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Rick Reilly
June 12, 1989
When Scott Hoch blew a gimme putt to lose the Masters, an old rap resurfaced...but a victory and a grand gesture three weeks later proved that he's a winner
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June 12, 1989

Hoch Choke

When Scott Hoch blew a gimme putt to lose the Masters, an old rap resurfaced...but a victory and a grand gesture three weeks later proved that he's a winner

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He was trying so hard he was not doing anyone any good. He began 1989 hungry for a victory and bothered by a thumb injury. He came in 39th at the Nestle Invitational in March and missed the cut the following week at The Players Championship.

He became so disgusted and frustrated that he stopped playing for the two weeks before the Masters, just to have time to think. One thing he decided was that he wasn't having any fun. His caddie on the Tour, Rick Cesario, had already given him some unsolicited advice. "Every day you come off the course tied up in knots," said Cesario. "You're going to play this game for a living for what, the next 25 years? Is every day going to be like that?"

Maybe Cesario was right. The poll had taken something out of Hoch too. Was he having any fun? Was he any fun? He left his clubs alone for 10 straight days, arrived at the Masters on Tuesday, a day later than usual, and set out to have a few laughs. "I loosened up," says Hoch. "I was completely at ease the whole week. I was so relaxed, it was eerie."

He had cruised through 72� holes—"He played a level of golf I'd never seen from him," says Sally—and now needed to navigate 2� more feet of No. 10, the first playoff hole, to beat Britain's Nick Faldo. For some reason, though, Hoch conducted a mental filibuster over the putt. He paced and repaced it for almost two minutes. "I wasn't nervous," he says. "I just remembered I hadn't taken my time with the PGA putt [in '87], and I wanted to this time."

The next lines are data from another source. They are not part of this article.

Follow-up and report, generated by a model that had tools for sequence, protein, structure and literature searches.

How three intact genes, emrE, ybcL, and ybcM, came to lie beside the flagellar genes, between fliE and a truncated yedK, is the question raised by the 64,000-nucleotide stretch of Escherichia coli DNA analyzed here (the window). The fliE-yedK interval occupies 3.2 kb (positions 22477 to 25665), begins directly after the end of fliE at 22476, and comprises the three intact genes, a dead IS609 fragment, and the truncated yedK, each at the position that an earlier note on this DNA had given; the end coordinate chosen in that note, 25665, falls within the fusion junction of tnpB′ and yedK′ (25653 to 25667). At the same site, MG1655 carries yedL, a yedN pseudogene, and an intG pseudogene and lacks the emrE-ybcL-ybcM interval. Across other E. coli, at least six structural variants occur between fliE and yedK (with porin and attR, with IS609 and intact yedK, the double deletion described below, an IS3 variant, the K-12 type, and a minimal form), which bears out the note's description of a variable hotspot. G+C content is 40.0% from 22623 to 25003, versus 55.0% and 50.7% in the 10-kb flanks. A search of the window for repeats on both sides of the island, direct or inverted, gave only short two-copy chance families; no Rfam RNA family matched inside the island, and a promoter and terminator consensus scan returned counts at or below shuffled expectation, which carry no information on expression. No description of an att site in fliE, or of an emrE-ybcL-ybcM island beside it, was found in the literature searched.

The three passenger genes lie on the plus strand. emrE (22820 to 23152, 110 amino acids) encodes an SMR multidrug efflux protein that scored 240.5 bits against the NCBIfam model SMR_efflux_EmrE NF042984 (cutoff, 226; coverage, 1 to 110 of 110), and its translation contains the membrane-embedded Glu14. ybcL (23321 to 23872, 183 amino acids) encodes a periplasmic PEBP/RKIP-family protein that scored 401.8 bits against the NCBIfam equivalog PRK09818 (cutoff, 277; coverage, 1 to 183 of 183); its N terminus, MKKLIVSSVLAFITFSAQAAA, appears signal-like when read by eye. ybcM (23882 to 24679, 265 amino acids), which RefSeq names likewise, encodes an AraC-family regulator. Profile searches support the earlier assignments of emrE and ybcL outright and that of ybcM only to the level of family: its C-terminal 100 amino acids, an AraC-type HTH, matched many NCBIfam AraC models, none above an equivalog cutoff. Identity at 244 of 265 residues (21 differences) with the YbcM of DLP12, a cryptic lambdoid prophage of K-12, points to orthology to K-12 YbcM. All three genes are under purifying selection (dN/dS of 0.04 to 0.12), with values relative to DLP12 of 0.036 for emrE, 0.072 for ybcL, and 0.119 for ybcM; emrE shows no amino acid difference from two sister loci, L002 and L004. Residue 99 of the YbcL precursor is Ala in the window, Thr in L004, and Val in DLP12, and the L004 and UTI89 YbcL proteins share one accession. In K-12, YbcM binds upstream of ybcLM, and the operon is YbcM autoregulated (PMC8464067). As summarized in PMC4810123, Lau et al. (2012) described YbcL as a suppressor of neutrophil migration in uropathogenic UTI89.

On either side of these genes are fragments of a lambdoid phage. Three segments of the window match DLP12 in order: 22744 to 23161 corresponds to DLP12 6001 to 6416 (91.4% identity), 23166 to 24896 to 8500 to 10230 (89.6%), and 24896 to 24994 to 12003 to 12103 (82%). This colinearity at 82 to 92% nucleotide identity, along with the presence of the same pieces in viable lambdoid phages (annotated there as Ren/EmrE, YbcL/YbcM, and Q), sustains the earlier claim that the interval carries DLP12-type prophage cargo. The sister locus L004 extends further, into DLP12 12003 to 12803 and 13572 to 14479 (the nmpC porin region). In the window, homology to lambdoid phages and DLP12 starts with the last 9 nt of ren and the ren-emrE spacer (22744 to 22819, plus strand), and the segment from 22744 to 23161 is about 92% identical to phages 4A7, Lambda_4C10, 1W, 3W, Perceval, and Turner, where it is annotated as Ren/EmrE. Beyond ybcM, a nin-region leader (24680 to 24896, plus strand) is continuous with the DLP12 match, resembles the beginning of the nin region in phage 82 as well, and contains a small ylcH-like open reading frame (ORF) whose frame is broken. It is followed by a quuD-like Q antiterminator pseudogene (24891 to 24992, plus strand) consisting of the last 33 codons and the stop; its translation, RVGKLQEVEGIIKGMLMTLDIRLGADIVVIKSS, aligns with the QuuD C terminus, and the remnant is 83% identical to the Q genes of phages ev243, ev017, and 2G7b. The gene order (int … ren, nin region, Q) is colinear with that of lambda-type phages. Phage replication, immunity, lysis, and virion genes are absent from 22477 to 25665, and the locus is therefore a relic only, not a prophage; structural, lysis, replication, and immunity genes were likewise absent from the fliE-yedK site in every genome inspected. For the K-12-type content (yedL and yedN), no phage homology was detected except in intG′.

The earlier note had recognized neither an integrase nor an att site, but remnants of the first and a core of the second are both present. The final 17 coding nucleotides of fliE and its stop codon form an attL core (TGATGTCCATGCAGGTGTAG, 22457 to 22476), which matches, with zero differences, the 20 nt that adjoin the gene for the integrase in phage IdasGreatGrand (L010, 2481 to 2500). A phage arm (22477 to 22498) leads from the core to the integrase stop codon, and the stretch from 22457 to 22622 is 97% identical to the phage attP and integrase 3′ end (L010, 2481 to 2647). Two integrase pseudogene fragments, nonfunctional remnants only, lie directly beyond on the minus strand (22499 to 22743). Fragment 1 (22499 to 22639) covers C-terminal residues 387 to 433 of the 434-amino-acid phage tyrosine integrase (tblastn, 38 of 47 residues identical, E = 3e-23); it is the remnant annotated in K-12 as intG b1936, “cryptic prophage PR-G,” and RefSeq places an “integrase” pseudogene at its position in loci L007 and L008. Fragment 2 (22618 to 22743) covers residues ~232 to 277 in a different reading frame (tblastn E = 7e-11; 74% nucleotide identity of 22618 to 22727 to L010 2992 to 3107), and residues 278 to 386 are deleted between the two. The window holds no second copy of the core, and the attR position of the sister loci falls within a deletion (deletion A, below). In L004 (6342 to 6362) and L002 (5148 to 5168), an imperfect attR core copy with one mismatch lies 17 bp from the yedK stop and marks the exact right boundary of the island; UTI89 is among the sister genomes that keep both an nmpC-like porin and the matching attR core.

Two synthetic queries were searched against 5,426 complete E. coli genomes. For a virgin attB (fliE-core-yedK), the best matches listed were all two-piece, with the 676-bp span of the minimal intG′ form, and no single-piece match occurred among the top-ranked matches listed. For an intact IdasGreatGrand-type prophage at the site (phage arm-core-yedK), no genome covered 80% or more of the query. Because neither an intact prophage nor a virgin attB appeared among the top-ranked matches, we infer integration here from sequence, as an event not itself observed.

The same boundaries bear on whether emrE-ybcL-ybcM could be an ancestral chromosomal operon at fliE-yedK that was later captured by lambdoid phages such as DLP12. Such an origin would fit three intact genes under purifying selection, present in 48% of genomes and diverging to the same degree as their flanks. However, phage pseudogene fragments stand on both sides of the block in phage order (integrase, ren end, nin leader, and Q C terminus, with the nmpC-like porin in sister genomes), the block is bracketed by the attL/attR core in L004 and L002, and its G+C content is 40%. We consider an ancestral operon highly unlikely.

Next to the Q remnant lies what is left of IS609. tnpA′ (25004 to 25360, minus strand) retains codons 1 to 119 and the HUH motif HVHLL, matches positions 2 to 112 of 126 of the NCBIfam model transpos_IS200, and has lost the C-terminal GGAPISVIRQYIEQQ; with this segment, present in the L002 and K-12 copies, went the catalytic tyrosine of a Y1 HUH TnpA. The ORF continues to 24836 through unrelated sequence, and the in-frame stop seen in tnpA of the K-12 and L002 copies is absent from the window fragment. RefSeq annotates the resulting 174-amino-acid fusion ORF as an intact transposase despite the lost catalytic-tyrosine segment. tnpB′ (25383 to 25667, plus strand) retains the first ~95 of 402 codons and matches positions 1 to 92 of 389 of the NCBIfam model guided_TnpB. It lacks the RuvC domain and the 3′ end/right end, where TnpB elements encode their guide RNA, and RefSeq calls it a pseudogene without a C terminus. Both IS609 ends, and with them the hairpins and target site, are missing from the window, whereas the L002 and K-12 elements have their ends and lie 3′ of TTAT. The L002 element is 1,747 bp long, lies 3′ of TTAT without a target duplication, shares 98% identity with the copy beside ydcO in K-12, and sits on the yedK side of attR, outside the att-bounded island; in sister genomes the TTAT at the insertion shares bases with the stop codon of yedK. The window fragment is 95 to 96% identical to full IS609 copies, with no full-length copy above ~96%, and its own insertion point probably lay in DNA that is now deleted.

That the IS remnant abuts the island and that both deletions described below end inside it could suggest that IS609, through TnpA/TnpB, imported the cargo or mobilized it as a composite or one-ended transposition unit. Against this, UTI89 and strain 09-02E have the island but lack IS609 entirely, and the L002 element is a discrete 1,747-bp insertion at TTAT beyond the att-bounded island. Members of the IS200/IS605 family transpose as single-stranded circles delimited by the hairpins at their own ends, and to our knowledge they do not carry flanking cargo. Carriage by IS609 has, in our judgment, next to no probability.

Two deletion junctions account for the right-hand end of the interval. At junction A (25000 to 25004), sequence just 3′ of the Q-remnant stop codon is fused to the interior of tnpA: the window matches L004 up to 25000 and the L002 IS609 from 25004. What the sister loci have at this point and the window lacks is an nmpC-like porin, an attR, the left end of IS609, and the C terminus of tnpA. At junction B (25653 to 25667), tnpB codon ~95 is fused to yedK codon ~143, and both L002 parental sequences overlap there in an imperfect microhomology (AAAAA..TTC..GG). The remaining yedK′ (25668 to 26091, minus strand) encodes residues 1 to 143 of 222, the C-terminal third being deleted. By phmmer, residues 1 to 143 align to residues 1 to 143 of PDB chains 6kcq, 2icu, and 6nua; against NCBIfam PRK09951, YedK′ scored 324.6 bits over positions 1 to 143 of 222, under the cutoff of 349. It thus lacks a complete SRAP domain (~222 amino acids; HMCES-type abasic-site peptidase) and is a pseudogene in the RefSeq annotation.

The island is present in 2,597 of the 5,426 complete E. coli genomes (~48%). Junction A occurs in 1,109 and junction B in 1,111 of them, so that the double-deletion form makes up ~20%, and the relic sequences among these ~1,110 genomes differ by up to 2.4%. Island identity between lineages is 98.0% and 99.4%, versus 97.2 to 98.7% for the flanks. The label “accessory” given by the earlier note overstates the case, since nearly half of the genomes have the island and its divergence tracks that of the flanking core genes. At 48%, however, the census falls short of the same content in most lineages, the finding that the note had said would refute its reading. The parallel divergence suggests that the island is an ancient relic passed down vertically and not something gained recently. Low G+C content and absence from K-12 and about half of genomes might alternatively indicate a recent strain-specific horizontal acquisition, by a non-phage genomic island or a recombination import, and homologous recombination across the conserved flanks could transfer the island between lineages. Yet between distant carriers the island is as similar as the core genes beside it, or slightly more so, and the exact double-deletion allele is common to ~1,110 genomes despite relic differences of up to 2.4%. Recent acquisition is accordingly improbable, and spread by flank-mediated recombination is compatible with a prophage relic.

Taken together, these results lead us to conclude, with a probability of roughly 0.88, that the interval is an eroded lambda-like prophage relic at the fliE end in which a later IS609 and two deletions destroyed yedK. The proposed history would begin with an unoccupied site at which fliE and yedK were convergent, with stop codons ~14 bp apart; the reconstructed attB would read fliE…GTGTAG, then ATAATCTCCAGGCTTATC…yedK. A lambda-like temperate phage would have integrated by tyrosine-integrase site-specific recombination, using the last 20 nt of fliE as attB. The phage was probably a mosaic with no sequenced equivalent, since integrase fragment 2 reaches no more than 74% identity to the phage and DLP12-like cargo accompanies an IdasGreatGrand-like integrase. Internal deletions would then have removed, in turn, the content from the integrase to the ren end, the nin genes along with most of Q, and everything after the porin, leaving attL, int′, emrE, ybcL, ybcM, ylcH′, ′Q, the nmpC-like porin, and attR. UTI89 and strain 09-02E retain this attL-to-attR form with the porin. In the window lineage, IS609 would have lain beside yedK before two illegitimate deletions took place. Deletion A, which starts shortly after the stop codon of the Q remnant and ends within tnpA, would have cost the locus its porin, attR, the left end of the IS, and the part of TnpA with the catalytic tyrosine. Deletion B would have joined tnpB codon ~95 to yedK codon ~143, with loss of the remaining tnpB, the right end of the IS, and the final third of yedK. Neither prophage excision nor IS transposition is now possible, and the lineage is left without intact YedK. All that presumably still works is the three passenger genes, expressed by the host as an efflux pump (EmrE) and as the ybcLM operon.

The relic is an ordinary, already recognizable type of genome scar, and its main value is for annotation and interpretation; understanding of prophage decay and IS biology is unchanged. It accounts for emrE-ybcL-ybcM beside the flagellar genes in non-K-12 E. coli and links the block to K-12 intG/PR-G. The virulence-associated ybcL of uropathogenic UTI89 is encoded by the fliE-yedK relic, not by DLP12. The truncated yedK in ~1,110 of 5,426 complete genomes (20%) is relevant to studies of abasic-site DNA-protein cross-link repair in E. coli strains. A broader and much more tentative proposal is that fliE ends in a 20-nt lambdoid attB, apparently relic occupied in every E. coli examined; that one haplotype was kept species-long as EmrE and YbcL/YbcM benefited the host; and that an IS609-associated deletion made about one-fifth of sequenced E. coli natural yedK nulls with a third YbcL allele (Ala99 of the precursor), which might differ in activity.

It was a downhill putt on a wet green. He had run his first putt, a 30-footer, by the hole. Now Hoch thought he should aim for the inside left of the cup and let the ball break sweetly, gently into the hole. Then again, maybe he should hit the putt firmly and straight. He stepped up to it. He stepped away from it. "I wasn't sure in my mind what I was going to do," he says. "That's the worst thing you can do—step up to a golf shot without a clear idea in your head."

Firm and straight, or easy and left edge? Had he forgotten that sound Scottish advice: There's nay bony in a three-foot putt. Putt it straight.

He stepped up to the putt again and struck it firmly—at the left edge. The ball went scurrying five hideous feet beyond the hole. The crowd made an embarrassed, painful groan, as if it had just seen a great actor forget his lines in the crucial scene of a play.

As Hoch threw his putter 15 feet into the air, one could feel history fitting him for a black coat. A 2�-foot putt to win and he gagged. Nobody at Augusta figured he would win now, and indeed, after Hoch made the five-footer—a putt he has virtually no memory of—Faldo poured in a 25-foot monster on the next hole for the victory. "Well," said Hoch at the press conference, grinning a most unconvincing grin, "I'm glad I don't carry a gun with me." Nobody seemed worried, not with his aim.

So Hoch packed himself, Sally, Cameron, daughter Katie and the treasonous putter into their Plymouth Voyager and drove to the next stop on the Disappointment Trail—Hilton Head. Along the way, the magnitude of his defeat sank into his brain and settled in his heart. "I feel like I've let you down," he told Sally as they drove. "I feel like I've let you down and my parents, your parents and our friends." More than that, he had let down the hospital.

"I couldn't sleep for two nights," says Hoch. "My dad couldn't sleep. Chip [Beck] couldn't sleep either. I guess when your friend has just blown the thing that you yourself have always dreamed of winning, it's a little hard to take."

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